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  • Why would a boom town need charity? Inequities in Saskatchewan’s oil boom and bust May 23, 2018
    When we think of a “boomtown,” we often imagine a formerly sleepy rural town suddenly awash in wealth and economic expansion. It might surprise some to learn that for many municipalities in oil-producing regions in Saskatchewan, the costs of servicing the oil boom can outweigh the benefits. A Prairie Patchwork: Reliance on Oil Industry Philanthropy […]
    Canadian Centre for Policy Alternatives
  • CCPA's National Office has moved! May 11, 2018
      The week of May 1st, the Canadian Centre for Policy Alternatives' National Office moved to 141 Laurier Ave W, Suite 1000, Ottawa ON, K1P 5J2. Please note that our phone, fax and general e-mail will remain the same: Telephone: 613-563-1341 | Fax: 613-233-1458 | Email: ccpa@policyalternatives.ca  
    Canadian Centre for Policy Alternatives
  • What are Canada’s energy options in a carbon-constrained world? May 1, 2018
    Canada faces some very difficult choices in maintaining energy security while meeting emissions reduction targets.  A new study by veteran earth scientist David Hughes—published through the Corporate Mapping Project, the Canadian Centre for Policy Alternatives and the Parkland Institute—is a comprehensive assessment of Canada’s energy systems in light of the need to maintain energy security and […]
    Canadian Centre for Policy Alternatives
  • The 2018 Living Wage for Metro Vancouver April 25, 2018
    The cost of raising a family in British Columbia increased slightly from 2017 to 2018. A $20.91 hourly wage is needed to cover the costs of raising a family in Metro Vancouver, up from $20.61 per hour in 2017 due to soaring housing costs. This is the hourly wage that two working parents with two young children […]
    Canadian Centre for Policy Alternatives
  • Mobility pricing must be fair and equitable for all April 12, 2018
    As Metro Vancouver’s population has grown, so have its traffic congestion problems. Whether it’s a long wait to cross a bridge or get on a bus, everyone can relate to the additional time and stress caused by a transportation system under strain. Mobility pricing is seen as a solution to Metro Vancouver’s transportation challenges with […]
    Canadian Centre for Policy Alternatives
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Climate Change, Justice and Fairness

On the intersection between climate change and inequality, Alan Durning of the Sightline Institute nails it in this post:

Climate Fairness

  Earth_in_hands_150

Climate change is a universal menace, threatening hardships for everyone. But it’s not an egalitarian menace: everyone will not suffer equally. Perversely, those people and nations least to blame for causing it are most vulnerable to its impacts.

Climate disruption heaps misfortune on the less fortunate, whether in low-lying Bangladesh, the Ninth Ward of New Orleans, or the flood plains around Chehalis, Washington. In climate change, the less you have, the more you’re likely to lose.

“The division of labor among nations,” wrote historian Eduardo Galeano, “is that some specialize in winning and others in losing.” Those left behind in the global economic race will suffer the most from climate change too. Poor nations with tiny carbon footprints are those most threatened. Hundreds of millions of people in low-lying Bangladesh, island nations such as the Philippines and Indonesia, and drought-prone Africa will bear the brunt. Their homelands will become uninhabitable; unlike better-off people, they lack the wealth to move or adapt.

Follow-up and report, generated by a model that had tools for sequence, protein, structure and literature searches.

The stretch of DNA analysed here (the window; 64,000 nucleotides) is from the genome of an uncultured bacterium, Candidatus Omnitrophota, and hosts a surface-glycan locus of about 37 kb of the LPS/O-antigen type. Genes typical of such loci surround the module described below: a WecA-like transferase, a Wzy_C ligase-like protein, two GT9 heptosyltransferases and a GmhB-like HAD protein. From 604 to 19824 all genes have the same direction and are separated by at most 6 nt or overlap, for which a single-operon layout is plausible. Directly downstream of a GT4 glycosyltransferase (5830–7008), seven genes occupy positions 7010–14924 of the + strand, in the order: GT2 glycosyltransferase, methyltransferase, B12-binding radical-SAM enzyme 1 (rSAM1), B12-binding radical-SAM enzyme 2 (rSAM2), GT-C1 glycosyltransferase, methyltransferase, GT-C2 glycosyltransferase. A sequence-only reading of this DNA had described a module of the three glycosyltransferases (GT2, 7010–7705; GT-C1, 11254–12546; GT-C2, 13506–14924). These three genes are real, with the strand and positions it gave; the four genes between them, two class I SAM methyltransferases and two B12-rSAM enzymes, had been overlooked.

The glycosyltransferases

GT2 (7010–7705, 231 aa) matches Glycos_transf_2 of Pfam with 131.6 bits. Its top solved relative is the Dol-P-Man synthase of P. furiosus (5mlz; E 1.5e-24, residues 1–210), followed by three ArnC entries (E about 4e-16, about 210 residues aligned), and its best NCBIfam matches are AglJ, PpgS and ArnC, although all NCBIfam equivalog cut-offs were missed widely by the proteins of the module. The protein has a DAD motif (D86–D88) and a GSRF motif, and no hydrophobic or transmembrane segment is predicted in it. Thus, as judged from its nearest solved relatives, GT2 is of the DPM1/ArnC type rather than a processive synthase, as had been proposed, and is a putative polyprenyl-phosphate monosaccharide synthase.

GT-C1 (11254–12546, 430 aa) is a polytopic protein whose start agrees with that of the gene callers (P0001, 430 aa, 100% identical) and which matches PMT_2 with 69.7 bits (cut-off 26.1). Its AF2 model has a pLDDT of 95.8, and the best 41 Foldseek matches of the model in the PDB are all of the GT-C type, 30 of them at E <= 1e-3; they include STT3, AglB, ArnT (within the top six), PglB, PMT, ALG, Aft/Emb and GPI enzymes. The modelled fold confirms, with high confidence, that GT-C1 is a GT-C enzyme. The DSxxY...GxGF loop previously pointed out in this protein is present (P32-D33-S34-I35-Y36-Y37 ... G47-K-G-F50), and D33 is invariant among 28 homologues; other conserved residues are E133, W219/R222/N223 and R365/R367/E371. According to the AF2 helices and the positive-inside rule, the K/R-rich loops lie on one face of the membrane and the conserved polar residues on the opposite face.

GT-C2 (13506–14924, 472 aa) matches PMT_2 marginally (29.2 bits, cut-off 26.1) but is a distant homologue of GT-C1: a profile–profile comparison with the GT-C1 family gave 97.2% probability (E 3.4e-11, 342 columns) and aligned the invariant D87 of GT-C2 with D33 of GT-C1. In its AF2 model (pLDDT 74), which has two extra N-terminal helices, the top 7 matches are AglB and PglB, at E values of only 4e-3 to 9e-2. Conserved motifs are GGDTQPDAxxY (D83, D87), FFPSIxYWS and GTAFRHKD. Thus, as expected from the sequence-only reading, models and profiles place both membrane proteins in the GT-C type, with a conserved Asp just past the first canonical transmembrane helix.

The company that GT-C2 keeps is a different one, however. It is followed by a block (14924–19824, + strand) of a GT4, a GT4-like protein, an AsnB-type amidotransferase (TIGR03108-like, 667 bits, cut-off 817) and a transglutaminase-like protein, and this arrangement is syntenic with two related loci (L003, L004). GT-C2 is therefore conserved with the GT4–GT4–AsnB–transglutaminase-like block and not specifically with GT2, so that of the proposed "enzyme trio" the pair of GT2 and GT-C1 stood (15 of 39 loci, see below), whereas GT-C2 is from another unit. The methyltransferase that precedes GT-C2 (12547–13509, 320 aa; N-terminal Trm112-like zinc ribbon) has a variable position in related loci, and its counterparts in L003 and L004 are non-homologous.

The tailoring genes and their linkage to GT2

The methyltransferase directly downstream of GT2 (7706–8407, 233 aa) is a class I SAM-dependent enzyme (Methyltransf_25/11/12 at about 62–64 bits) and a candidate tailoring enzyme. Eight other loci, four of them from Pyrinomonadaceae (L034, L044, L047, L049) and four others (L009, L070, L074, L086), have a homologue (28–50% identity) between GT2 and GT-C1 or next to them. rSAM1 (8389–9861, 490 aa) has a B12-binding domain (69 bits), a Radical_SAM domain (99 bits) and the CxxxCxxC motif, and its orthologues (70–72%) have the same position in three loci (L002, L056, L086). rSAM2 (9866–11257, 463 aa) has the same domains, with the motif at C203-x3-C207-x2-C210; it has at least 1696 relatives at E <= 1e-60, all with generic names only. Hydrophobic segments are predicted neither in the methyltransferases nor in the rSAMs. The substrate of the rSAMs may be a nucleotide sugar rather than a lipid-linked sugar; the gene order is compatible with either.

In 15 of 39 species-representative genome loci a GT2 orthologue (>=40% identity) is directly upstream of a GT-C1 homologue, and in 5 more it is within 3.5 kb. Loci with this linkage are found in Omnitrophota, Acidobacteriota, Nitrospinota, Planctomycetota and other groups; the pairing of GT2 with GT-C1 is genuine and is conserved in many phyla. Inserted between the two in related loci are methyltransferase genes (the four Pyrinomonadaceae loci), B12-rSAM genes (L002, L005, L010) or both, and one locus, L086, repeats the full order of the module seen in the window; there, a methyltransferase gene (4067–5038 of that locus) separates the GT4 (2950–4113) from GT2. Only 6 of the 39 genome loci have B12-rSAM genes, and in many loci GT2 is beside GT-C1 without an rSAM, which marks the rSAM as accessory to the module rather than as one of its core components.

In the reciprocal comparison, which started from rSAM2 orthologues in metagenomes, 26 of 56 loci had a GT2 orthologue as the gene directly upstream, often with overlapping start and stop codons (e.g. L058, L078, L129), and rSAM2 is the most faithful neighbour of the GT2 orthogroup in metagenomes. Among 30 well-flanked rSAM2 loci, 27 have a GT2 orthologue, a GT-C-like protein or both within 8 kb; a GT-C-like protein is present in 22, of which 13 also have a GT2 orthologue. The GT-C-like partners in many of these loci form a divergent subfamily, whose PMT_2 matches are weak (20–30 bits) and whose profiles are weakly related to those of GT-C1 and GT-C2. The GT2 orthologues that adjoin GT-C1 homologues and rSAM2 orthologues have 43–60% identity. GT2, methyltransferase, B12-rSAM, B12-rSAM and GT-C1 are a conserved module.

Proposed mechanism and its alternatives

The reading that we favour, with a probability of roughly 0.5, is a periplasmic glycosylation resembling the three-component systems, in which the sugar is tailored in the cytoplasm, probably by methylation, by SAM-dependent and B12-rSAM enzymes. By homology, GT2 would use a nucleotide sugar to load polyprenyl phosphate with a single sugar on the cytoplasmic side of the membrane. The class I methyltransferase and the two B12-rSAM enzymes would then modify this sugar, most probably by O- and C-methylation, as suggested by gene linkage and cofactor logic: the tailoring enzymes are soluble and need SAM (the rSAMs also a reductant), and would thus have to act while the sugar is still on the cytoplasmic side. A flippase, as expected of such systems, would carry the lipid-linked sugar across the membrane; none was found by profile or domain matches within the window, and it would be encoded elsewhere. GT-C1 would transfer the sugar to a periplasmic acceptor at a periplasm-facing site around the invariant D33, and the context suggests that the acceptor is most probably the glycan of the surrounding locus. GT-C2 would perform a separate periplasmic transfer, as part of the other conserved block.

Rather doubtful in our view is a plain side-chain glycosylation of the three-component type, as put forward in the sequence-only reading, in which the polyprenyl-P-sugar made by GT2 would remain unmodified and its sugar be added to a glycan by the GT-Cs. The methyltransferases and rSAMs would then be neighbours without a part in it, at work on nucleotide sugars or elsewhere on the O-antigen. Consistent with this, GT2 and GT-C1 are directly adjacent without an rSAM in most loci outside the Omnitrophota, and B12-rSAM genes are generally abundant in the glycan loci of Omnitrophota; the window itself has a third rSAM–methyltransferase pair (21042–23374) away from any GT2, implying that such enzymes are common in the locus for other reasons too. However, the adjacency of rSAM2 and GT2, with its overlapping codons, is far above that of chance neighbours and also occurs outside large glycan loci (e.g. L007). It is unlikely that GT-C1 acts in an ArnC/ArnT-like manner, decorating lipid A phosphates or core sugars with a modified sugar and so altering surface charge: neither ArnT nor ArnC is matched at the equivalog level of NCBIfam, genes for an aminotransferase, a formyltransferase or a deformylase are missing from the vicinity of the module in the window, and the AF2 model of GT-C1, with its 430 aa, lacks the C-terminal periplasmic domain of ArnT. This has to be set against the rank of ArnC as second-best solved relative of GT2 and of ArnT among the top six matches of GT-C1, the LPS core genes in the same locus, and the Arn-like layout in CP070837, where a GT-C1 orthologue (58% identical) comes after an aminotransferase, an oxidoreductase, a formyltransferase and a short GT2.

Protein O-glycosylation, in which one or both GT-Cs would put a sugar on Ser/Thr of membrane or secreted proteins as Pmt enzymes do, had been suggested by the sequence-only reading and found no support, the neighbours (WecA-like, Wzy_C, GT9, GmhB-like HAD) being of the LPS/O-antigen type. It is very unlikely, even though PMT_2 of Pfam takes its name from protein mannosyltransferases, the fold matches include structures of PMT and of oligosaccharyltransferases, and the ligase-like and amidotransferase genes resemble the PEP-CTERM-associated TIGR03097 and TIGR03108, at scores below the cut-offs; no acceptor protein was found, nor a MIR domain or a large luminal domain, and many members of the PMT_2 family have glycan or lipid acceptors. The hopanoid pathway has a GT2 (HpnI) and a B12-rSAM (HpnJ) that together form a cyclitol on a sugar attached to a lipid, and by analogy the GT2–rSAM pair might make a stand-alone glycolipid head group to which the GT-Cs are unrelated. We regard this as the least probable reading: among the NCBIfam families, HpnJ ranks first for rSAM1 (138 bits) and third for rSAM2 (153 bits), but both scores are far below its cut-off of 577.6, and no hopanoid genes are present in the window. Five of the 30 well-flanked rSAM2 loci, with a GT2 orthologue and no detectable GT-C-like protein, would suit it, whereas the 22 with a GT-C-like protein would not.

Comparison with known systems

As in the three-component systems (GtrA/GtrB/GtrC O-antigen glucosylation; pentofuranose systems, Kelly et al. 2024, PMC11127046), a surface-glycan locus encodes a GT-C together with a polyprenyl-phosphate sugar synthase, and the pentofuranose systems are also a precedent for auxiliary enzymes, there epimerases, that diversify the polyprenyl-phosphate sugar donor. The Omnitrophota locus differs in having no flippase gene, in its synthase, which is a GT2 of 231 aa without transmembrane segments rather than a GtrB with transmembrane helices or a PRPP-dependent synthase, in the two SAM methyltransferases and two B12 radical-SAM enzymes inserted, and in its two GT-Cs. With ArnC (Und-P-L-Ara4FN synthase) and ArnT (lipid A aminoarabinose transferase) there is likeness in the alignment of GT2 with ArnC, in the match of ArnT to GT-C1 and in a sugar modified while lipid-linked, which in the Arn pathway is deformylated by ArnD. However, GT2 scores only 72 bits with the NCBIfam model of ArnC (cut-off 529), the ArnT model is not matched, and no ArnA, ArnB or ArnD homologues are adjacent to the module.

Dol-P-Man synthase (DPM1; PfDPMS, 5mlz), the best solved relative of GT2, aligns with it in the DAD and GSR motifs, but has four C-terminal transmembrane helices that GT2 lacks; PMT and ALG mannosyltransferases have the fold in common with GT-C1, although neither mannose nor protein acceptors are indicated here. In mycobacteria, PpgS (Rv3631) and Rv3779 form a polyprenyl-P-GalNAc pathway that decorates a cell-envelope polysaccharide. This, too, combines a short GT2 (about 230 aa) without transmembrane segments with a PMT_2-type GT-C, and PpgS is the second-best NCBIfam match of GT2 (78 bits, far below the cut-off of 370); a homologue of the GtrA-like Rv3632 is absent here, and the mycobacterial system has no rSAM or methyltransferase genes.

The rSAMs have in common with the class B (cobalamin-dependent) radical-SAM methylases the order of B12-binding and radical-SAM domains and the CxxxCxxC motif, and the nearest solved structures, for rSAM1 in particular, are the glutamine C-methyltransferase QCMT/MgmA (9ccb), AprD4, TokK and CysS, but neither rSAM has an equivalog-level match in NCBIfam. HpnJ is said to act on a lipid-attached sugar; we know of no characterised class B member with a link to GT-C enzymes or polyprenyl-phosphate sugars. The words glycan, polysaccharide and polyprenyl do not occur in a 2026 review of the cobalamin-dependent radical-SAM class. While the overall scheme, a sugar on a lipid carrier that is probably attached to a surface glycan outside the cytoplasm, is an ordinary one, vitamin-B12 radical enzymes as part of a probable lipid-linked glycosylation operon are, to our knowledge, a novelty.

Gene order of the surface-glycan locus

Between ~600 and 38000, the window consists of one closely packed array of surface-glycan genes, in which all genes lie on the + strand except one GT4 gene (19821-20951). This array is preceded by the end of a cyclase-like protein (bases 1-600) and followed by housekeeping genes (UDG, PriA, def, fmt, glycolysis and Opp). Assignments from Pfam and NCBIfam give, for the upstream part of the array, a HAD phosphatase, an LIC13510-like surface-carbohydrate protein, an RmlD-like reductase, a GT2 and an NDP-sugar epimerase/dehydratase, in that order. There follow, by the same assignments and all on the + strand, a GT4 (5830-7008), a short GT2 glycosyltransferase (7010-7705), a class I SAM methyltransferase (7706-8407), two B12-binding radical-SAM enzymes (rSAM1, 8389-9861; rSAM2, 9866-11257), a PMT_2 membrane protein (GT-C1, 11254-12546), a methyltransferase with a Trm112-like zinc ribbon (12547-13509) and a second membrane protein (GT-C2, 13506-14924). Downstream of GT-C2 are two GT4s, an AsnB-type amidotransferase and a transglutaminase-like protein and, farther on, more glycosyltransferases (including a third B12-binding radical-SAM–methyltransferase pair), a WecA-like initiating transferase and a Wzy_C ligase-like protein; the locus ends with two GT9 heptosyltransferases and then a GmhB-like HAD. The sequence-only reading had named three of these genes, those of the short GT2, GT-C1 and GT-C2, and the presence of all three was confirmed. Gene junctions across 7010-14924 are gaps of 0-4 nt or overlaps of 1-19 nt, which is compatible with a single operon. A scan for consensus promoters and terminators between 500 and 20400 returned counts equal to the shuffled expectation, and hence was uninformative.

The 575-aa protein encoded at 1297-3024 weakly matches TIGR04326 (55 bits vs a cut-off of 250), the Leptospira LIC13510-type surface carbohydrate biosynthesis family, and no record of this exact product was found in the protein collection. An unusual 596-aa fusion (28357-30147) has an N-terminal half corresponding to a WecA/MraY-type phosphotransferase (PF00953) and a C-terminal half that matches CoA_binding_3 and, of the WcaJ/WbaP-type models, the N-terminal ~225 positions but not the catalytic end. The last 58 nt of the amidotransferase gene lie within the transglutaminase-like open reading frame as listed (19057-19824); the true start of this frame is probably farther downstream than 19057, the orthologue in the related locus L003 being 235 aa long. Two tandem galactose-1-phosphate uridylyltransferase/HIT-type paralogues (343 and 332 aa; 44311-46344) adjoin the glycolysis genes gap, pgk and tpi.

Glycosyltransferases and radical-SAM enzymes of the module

In Cascadia, too, climate change promises to widen the gap between economic winners and everyone else. Here, it’s working families, particularly in rural areas, who face the worst climate insecurity. Low-income families are most likely to live in flood plains or fire-prone forests. (Or, I should say, if they have a home in the woods, it’s their only home, not a second home). Like Bangladeshi peasants, they’re unlikely to have the means to move to safer ground. What’s more, they are least likely to have health insurance to protect themselves from diseases spreading from the tropics.

Woods workers in British Columbia are already losing jobs from the climate-induced plague of pine beetles laying waste to the forests. Reservation-dwelling Native Americans and First Nations are vulnerable because of their dependence on fisheries, forestry, and agriculture. Immigrant farm laborers—among the poorest workers in Cascadia—also face disproportionate hardship. Dwindling supplies of irrigation water will squeeze harvest jobs, and crop failures from more-variable weather will post “not hiring” signs across farm counties.

This epic injustice gives the lie to the argument that stopping climate change is “just” an environmental issue. Indeed, it makes arresting climate change as much a social priority as an environmental one.

And it argues for climate solutions that are not only efficient and effective but also fair. A certain amount of climate change is already unavoidable. Inevitably, it will punish the blameless. Because climate change takes disproportionately from the poor, we should design our climate solutions to help the poor disproportionately. In other words, climate solutions should make working families and poor nations economically whole.

How to do this? Next time.

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